First, Gavin Schmidt and co-authors explain how a lot of the disparity between expected and observed trends is not necessarily due to natural variability, but instead to the fact that short-term forcings since 2000 are not what models had assumed. As they say “the influence of volcanic eruptions, aerosols in the atmosphere and solar activity all took unexpected turns over the 2000s. The climate model simulations, effectively, were run with the assumption that conditions were broadly going to continue along established trajectories.” But instead, all of these factors deviated in a way that caused climate to be cooler. In other words, the models weren’t the problem, but the assumptions used to force them were. They also emphasize that none of these factors should be expected to continue to cool climate much, and predict that “ENSO will eventually move back into a positive phase and the simultaneous coincidence of multiple cooling effects will cease. Further warming is very likely to be the result.“

Second, an interesting piece led by Sonia Seneviratne shows that trends in daytime extreme temperatures over land, arguably a more relevant measure in terms of climate impacts, haven’t slowed down at all (red line in figure below). Essentially, they object to the entire notion of a “pause.”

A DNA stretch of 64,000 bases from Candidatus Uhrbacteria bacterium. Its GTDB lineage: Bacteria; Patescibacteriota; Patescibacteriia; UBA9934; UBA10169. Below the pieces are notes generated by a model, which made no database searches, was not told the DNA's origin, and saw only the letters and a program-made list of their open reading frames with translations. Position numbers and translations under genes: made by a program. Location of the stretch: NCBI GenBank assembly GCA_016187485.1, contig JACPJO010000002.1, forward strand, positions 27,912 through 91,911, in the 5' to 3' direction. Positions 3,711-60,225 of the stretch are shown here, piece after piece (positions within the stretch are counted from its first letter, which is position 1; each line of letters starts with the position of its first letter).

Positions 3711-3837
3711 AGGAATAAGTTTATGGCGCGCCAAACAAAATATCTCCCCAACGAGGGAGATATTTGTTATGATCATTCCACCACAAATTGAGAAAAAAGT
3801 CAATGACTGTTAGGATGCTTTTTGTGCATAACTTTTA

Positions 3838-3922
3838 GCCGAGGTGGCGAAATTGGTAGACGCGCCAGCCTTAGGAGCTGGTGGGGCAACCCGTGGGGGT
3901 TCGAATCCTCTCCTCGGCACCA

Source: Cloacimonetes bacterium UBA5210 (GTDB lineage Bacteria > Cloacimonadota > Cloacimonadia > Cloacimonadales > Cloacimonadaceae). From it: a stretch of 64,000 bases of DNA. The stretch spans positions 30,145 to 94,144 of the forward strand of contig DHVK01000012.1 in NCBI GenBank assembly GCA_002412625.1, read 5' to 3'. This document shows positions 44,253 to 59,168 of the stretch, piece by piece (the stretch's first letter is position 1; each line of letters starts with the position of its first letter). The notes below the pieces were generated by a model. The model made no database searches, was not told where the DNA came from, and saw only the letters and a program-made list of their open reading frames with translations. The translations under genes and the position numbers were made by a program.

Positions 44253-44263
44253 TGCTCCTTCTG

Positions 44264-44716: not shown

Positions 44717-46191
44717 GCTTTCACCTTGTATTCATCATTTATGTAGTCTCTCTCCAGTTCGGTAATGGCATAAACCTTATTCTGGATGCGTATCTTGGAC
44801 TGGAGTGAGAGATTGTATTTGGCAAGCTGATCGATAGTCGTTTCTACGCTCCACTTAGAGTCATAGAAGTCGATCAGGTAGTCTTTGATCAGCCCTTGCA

All of these papers on the pause also reminded me of a great book I recently finished – “Thinking Fast and Slow” by Daniel Kahneman. He talks a lot about loss aversion - how humans tend to dislike losses about twice as much as they like gains -  and how even small losses can be very annoying. One consequence is that for an identical putt, professional golfers will tend to try harder and make it more often if it’s for par (to avoid loss) than if for birdie (to get a gain). I’m sure that explains why I always miss birdie putts! Another consequence is that people are usually risk averse when it comes to gains (i.e. prefer to take $100 than flip a coin for a 50/50 chance of winning $200), but risk seeking when it comes to losses (i.e. prefer to flip a coin for a 50/50 chance of losing $200 rather than give $100, because $100 hurts almost as much as $200). This is compounded by another tendency humans have - to way overweight events that have low probability in their decisions. So even if there’s a very small chance of a “no loss” outcome, people will tend to take a chance hoping that outcome will happen, because it will be so much more pleasant than even a small loss, and because they think it’s more likely than it actually is.